“The hack condescends to his audience. He thinks he’s superior to them. The truth is, he’s scared to death of them or, more accurately scared of being authentic in front of them, scared of writing what he really feels or believes, what he himself thinks is interesting. He’s afraid it won’t sell. So he tries to anticipate what the market (a telling word) wants, then gives it to them.”
Steven Pressfield, The War of Art, DEFINITION OF A HACK
This little beauty resides in the ‘Sacred Texts’ section of The Important Things. It became extremely relevant to my life as I started creating things like blog posts, but also applies to all other communications in a persons’ life.
The definition given by Mr. Pressfield hits a chord when I think of many of the books I have read, podcasts I listen to, or even people I am around. It seems to be so easy to notice when someone else is not being authentic. Detecting inauthenticity in someone else—and recognizing it for what it is—is the easy part. What is more elusive, is when we detect inauthenticity in ourselves and fail to recognize it for what is it.
Both situations we are detecting inauthenticity, but in the latter situation, we fail to label it correctly.
There are many obvious reasons why someone would be inauthentic (one is listed above in the quote) and I can go on a completely different blog binge about inauthenticity as it relates to existentialism and what Jordan Peterson has written about speaking the truth. However, I will save that for another time, probably soon, and instead talk about that feeling of fear that causes inauthenticity. Elaborating that fear will hopefully help me, but also could help you put the feeling into words. When the fear is defined more clearly it becomes easier to see, and if it’s easier to see it becomes more defeatable.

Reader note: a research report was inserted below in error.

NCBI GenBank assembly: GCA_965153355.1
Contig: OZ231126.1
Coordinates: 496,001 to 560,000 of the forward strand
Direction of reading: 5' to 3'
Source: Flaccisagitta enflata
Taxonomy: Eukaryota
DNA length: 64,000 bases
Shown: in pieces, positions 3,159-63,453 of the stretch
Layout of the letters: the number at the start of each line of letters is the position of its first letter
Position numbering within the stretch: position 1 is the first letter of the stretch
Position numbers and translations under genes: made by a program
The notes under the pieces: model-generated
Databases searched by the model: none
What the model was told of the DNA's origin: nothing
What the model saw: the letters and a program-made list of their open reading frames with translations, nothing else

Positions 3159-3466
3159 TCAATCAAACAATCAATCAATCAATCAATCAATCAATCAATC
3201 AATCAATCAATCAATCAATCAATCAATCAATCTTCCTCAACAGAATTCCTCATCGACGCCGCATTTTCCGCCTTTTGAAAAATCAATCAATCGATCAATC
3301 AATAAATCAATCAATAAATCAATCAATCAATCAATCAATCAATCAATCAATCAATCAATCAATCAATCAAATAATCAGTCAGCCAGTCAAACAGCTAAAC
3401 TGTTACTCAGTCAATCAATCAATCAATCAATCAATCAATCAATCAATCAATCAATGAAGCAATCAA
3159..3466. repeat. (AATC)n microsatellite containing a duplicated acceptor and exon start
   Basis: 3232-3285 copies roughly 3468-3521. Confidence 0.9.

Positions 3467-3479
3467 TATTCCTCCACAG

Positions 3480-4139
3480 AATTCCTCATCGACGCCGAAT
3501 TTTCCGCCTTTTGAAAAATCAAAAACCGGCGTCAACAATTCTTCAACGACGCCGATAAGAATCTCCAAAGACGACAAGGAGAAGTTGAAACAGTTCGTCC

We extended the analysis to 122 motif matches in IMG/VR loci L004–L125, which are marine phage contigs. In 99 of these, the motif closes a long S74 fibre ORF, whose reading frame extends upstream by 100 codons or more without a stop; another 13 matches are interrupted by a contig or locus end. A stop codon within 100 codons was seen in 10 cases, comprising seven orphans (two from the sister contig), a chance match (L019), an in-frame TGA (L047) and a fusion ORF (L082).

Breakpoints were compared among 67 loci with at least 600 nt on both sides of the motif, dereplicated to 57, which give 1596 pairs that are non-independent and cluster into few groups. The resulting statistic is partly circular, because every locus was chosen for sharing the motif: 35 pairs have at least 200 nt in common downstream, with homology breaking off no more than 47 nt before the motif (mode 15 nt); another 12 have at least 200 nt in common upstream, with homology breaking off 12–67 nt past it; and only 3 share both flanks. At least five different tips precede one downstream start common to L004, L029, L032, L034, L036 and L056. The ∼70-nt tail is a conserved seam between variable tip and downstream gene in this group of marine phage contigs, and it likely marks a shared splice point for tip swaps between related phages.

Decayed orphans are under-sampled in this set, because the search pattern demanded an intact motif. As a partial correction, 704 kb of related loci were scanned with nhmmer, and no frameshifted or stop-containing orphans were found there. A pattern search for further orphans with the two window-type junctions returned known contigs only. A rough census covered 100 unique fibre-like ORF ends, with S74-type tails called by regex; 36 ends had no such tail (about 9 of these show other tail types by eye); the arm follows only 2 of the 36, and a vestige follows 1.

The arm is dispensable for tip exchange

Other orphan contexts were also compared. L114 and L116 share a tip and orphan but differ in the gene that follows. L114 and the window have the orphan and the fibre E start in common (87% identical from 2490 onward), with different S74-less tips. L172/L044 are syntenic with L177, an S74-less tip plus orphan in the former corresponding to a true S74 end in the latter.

So, the author is scared to death of his audience and he writes inauthentically to sell to them. Here, he loses his soul. Why is it so easy to give up your soul? Because to write authentically is to take a deep and personal part of yourself, a part that has probably not been in the eye of other people, and place it in front of other people to ridicule. Sure some may exalt it. However, you will probably mostly hear criticism, especially if it is any good.
The author is taking his secret weapon, which in hiding is still a secret weapon, and now actually testing it on the battlefield where it could be revealed to be a complete dud. This is the fear. Being ridiculed by others, to your face, is painful. It is enough to stop any project. However, you are not a lesser man (or woman). You are the greater. And you became the greater when you started writing authentically. I don’t normally quote scripture, but here goes;
“What does it profit a man to gain the whole world, yet forfeit his soul?”